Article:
Trump’s Shadow Looms Large Over Fox News Debate

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Donald Trump didn’t show up for Thursday night’s Fox News debate. That didn’t mean he wasn’t the star yet again.

Former Florida Gov. Jeb Bush called him “a little teddy bear.” Sen. Marco Rubio of Florida called him “the greatest show on earth.” Sen. Ted Cruz of Texas said his personal insults were befitting “a maniac.”

Donald Trump, meanwhile, was across town, getting ready for his own campaign events after boycotting the debate amid a feud with Fox News host Megyn Kelly. It made for a split-screen duel just five days before Iowans kick off the race for the Republicans’ presidential nomination.

For his rivals, it’s a long-awaited moment to get their message across without the bombastic front-runner, but also an unpredictable opportunity as they remain locked in their own wars to be the best Trump alternative.

Cruz, the second-place candidate, was quickly put on the defensive as hungry rivals looked to eat into his lead without his greatest challenger on stage. Perhaps hoping to get in on a piece of the media-bashing boost that Trump was enjoying, Sen. Ted Cruz of Texas criticized the debate hosts for goading his rivals into assessing his record. “If you guys ask one more mean question, I may have to leave the stage,” Cruz threatened.

Not missing a beat, Rubio followed up to invite scrutiny. “Don’t worry. I’m not leaving the stage no matter what you ask me.”

At other points in the debate, the Fox News anchors were ready to keep the candidates in line. “No. No, no, no,” host Megyn Kelly said as Ohio Gov. John Kasich tried to break in. He yielded. “You’re a good man, Gov. Kasich.”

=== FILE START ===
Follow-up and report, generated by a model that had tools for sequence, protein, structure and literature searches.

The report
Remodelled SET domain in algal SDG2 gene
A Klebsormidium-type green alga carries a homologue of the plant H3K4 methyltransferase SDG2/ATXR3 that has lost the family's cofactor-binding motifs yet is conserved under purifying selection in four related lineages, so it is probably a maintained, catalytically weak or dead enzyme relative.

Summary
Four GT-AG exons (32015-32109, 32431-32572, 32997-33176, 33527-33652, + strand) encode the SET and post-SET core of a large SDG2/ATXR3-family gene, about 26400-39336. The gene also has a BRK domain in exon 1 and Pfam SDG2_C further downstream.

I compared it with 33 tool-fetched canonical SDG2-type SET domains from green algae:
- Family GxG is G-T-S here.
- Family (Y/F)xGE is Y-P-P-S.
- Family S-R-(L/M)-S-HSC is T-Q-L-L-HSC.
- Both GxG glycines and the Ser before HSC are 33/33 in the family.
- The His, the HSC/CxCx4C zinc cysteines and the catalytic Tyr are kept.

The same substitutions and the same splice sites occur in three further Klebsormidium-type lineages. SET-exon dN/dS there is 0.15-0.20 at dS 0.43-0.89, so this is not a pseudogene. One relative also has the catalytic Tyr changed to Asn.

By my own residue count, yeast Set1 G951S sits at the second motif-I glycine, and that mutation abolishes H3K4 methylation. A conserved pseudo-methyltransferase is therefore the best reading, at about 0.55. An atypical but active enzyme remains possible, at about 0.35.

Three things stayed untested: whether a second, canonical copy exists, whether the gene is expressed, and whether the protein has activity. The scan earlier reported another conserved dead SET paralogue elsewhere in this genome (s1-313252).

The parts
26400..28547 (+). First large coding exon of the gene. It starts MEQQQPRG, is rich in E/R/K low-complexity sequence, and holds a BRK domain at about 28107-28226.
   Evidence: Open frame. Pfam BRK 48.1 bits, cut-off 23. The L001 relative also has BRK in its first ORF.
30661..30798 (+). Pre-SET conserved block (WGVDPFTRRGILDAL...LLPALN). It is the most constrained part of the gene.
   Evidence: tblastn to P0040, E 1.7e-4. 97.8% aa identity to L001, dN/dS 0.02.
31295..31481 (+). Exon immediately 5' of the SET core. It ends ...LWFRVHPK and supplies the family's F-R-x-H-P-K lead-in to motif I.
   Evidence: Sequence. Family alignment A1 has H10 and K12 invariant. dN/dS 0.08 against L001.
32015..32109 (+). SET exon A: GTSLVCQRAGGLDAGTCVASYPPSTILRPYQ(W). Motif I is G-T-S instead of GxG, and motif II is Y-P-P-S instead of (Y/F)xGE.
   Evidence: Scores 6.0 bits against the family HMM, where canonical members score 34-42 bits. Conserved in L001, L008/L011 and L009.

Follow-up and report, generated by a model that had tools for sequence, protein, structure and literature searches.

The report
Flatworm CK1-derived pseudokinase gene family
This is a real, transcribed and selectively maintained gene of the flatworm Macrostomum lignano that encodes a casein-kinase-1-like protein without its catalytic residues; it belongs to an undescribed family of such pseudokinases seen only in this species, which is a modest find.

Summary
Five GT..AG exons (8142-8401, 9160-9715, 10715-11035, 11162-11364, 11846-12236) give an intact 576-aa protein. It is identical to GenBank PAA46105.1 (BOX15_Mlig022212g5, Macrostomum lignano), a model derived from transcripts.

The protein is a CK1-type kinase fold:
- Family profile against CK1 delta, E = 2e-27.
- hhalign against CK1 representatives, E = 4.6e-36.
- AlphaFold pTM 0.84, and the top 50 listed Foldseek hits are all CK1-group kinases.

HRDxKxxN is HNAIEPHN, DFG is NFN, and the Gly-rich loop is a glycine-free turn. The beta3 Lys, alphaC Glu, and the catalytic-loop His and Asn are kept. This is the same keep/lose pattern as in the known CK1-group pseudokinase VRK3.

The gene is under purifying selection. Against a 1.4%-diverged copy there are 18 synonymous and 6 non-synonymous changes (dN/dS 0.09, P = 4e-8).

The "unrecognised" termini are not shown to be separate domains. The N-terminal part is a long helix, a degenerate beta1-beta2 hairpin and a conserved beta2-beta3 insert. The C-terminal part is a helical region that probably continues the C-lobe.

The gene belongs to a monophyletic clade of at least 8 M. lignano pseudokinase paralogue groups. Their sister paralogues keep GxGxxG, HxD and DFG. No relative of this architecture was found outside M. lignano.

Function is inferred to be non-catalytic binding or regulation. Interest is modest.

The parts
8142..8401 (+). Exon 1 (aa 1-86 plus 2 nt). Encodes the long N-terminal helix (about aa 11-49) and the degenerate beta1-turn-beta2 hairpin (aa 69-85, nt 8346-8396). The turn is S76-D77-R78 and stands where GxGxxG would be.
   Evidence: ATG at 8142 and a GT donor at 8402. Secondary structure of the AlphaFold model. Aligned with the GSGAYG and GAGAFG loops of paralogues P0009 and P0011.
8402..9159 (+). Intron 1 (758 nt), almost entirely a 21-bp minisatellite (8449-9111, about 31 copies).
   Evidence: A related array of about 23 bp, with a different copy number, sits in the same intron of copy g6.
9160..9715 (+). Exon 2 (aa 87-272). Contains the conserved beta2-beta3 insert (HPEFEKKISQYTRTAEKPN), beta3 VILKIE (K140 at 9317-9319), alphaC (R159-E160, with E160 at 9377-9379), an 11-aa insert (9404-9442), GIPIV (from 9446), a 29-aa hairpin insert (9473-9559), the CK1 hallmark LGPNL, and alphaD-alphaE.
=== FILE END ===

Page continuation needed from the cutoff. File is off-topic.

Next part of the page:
Cruz, too, kept criticizing the moderators. Host Chris Wallace seemed nonplussed. “It is a debate, sir,” Wallace said.

The moderators kept the questions coming, covering a lot of the familiar issues after six previous debates. But the candidates’ polish is far improved from their first meeting back in August, and advisers to the campaigns recognize that this might be their final chance to make an impression with Iowans.

Republican Presidential candidate Texas Sen. Ted Cruz lat the Republican presidential debate Thursday, Jan. 28, 2016, in Des Moines, Iowa.
Jim Watson—AFP/Getty Images

Jim Watson—AFP/Getty ImagesRepublican Presidential candidate Texas Sen. Ted Cruz lat the Republican presidential debate Thursday, Jan. 28, 2016, in Des Moines, Iowa.


For Trump, the decision to skip the debate is a high-risk gamble depriving him of a high-profile platform to make his closing case to caucus-goers in Iowa. He’s betting that the announcement will only burnish his go-it-his-own-way credentials. But it will also allow Trump’s rivals to beat up on him without the deterrent that has protected him over the first six debates—Trump’s unmatched ability to counter-punch on stage.

Cruz is not the only candidate anxious about additional incoming from the other candidates. Rubio will face a host of candidates who see his rise in Iowa as an obstacle to theirs in New Hampshire.

“It probably means the target on our back just got a little bit bigger, but at the same time it means that we’re going to have a lot more opportunity for Marco to get his message out,” said Rubio adviser Todd Harris.

Meanwhile, Bush’s campaign is celebrating the news as an opportunity for their wonkish candidate to make his case without Trump on stage.

“It gives us more time at the microphone and more time to talk about answers to substantive issues that Iowa voters are demanding right now,” said David Kochel, a senior adviser to Jeb Bush’s campaign. “I think as you approach these voters in Iowa, New Hampshire and South Carolina, the campaign needs to be more serious and needs to be about things people care about. As the nomination gets turned over from the pundits to voters I think the voters want to hear from leaders who have accomplishment and records and results and they want to hear about that.”

Read More: Bush Mocks Trump Decision to Skip Debate

Retired neurosurgeon Ben Carson and Kentucky Sen. Rand Paul sought to use the Trump-less debate as an opportunity to reignite the support of their fading coalitions, with the former hoping for more speaking time and the latter lavishing in his return to the main stage. With small, but loyal constituencies, they are looking to win over some more converts in the final stretch.

For the three governors, Bush, Kasich and New Jersey Gov. Chris Christie, the debate is their first step toward trying to force a breakout moment before their showdown in the Granite State, but will be far less consequential than the Feb. 6 contest there 72 hours before polls close.

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